Biden limits damage in midterm elections

Biden limits damage in midterm elections
Biden limits damage in midterm elections

Biden limits damage in midterm elections

Amid expectations that he will suffer a setback, US President Joe Biden appears to have limited the damage in the midterm elections, but it remains to be seen how far that will be enough to give him a boost into 2024 or beyond.

The 79-year-old Democrat, who throughout his campaign continued to harden his rhetoric against the (extreme) Republicans, supporters of his predecessor Donald Trump, reached out on election night to Democrats who have won certain positions, whether as governor, Members of the House of Representatives or Elders.

“Including the people I’ve met this year,” he tweeted, along with a picture of himself on the phone as if to take credit for the wins.

Biden’s former spokeswoman Jane Psaki, who became a commentator at MSNBC after calling her former colleagues, said his teams were “amazed and delighted.”

sensitive phase

If recent trends are confirmed — meaning Democrats will only give Republicans a slim majority in the House of Representatives — while the Senate keeps watching, Joe Biden will be refuted by pollsters who said he was a loser with his party.

And despite soaring inflation, falling popularity, and violent attacks from Donald Trump, he may be in a better position than former Democratic Presidents Barack Obama and Bill Clinton, who had poor results in the midterm elections. But Joe Biden is still approaching a delicate phase.

In an America where partisan divisions are deeper than ever, will he be able to reconcile his long experience as a Senator and his centrist beliefs with Republicans?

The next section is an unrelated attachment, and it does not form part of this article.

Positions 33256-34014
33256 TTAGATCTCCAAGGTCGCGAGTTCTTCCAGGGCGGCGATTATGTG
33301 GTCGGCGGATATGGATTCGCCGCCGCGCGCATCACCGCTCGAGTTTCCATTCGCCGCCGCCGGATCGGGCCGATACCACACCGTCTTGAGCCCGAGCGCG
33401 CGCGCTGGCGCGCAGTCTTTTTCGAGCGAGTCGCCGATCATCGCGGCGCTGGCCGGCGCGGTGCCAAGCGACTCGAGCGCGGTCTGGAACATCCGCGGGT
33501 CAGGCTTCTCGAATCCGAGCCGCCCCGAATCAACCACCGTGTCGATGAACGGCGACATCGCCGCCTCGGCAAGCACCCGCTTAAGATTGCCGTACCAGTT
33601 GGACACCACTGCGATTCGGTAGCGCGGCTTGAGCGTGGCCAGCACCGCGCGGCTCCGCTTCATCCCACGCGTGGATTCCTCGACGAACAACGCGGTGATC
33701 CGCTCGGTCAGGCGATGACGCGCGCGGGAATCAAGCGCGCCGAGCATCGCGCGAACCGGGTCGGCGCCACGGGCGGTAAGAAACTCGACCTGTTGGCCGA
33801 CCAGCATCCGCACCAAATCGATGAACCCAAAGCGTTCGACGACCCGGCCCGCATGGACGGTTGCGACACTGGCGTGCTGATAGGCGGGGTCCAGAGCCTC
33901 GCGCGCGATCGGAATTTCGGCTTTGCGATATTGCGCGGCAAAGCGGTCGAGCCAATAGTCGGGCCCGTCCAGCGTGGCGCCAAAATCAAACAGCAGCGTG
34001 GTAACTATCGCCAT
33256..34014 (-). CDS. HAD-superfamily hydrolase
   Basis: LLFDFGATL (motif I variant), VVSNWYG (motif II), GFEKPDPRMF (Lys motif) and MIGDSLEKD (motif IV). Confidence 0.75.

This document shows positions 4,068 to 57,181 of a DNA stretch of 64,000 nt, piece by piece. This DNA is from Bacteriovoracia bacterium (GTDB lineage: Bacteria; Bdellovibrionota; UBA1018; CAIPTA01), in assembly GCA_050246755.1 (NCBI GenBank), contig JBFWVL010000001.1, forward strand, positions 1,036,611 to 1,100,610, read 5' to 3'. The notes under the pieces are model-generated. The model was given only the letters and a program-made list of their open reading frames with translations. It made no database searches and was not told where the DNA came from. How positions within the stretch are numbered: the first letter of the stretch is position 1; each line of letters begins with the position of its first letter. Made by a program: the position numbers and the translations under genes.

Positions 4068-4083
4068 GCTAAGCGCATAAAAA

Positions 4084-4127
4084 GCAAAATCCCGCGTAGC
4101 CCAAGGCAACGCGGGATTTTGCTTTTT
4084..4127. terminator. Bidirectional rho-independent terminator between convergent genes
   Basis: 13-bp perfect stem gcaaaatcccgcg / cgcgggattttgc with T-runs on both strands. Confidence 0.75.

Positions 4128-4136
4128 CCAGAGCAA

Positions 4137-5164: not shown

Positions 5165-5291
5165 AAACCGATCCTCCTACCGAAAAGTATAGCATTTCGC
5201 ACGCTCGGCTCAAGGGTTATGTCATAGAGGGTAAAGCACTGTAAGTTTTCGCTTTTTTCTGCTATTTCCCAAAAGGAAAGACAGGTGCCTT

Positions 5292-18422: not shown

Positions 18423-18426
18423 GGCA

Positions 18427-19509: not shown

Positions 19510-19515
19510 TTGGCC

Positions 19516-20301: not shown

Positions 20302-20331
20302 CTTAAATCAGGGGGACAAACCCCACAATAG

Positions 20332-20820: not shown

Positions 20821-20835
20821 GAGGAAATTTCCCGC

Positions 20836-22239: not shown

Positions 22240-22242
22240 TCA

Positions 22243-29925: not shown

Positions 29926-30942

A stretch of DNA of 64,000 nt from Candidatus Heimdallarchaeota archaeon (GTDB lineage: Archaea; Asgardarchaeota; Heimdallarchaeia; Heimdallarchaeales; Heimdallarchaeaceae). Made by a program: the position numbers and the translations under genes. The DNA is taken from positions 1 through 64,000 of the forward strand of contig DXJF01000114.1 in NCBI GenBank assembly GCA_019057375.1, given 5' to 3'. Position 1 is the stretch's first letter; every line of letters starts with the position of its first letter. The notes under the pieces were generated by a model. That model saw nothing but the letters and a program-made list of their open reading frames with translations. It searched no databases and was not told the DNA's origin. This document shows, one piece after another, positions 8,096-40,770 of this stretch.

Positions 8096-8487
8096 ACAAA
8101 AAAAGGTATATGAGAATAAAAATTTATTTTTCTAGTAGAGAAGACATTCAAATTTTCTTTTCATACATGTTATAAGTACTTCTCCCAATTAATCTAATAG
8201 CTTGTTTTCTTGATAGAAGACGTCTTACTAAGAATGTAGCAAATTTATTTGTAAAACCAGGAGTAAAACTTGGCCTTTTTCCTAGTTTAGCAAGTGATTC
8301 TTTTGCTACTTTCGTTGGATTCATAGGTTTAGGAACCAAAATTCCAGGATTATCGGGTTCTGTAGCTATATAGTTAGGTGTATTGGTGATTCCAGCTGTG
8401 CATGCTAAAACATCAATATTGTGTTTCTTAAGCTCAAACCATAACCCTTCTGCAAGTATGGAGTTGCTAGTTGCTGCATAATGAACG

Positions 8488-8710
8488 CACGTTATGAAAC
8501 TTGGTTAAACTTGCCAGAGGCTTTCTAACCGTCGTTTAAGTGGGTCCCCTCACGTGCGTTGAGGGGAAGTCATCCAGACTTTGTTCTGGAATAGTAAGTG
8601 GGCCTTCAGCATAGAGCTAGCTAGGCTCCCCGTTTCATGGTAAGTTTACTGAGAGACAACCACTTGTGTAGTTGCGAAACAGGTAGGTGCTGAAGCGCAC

But nothing is certain and he could face prolonged parliamentary paralysis with endless battles over stillborn bills.

It also remains to be seen to what extent the Conservative Party, which has promised a tough parliamentary strategy, will stick to this line.

Achieving even a narrow majority in the House of Representatives confers great oversight authority, and the right has promised to use it to launch a series of investigations into Joe Biden, his performance and his circles.

For example, during one session, re-elected Rep. Marjorie Taylor Green vowed to open the files of Hunter Biden, the president’s youngest son and weak point, whose history was marred by addiction problems.

The Republican Party accuses him of using his father’s political influence to do business with China and Ukraine.

All eyes are on 2024

“I will lead the fight so that my party in particular does not fail,” one Donald Trump supporter wrote in a statement.

If the Republican Party wins a majority in the House of Representatives, it will also have influence on the budget. There could be a “shutdown” – a paralysis of the federal administration – or even a default of the largest world power.

It will also take some time before the outcome is known in the powerful Senate.

Beyond that, the most important question for Joe Biden and the Democrats is the 2024 presidential election.

So far, the US President has said he wants to run and is left with no choice as he threatens to lose all his political credit immediately. But this prospect does not excite public opinion, not even Democrats, given the age of the president, who will celebrate his 80th birthday in a few days.

Trump has previously hinted that he could announce his candidacy on November 15 in Florida.

His Democratic rival will be very far away as he departs on Friday as part of a diplomatic marathon that took him to the COP27 summit in Egypt, Cambodia to the ASEAN summit and then to Indonesia to attend the G-20 summit. Whether Joe Biden will make his intentions clear for 2024 is currently not foreseeable.

Despite accelerating inflation, declining popularity and violent attacks from Donald Trump, Biden could be in a better position than former Democratic Presidents Barack Obama and Bill Clinton, who had poor results in the midterm elections. With endless battles over stillborn bills, Biden could face ongoing parliamentary paralysis.

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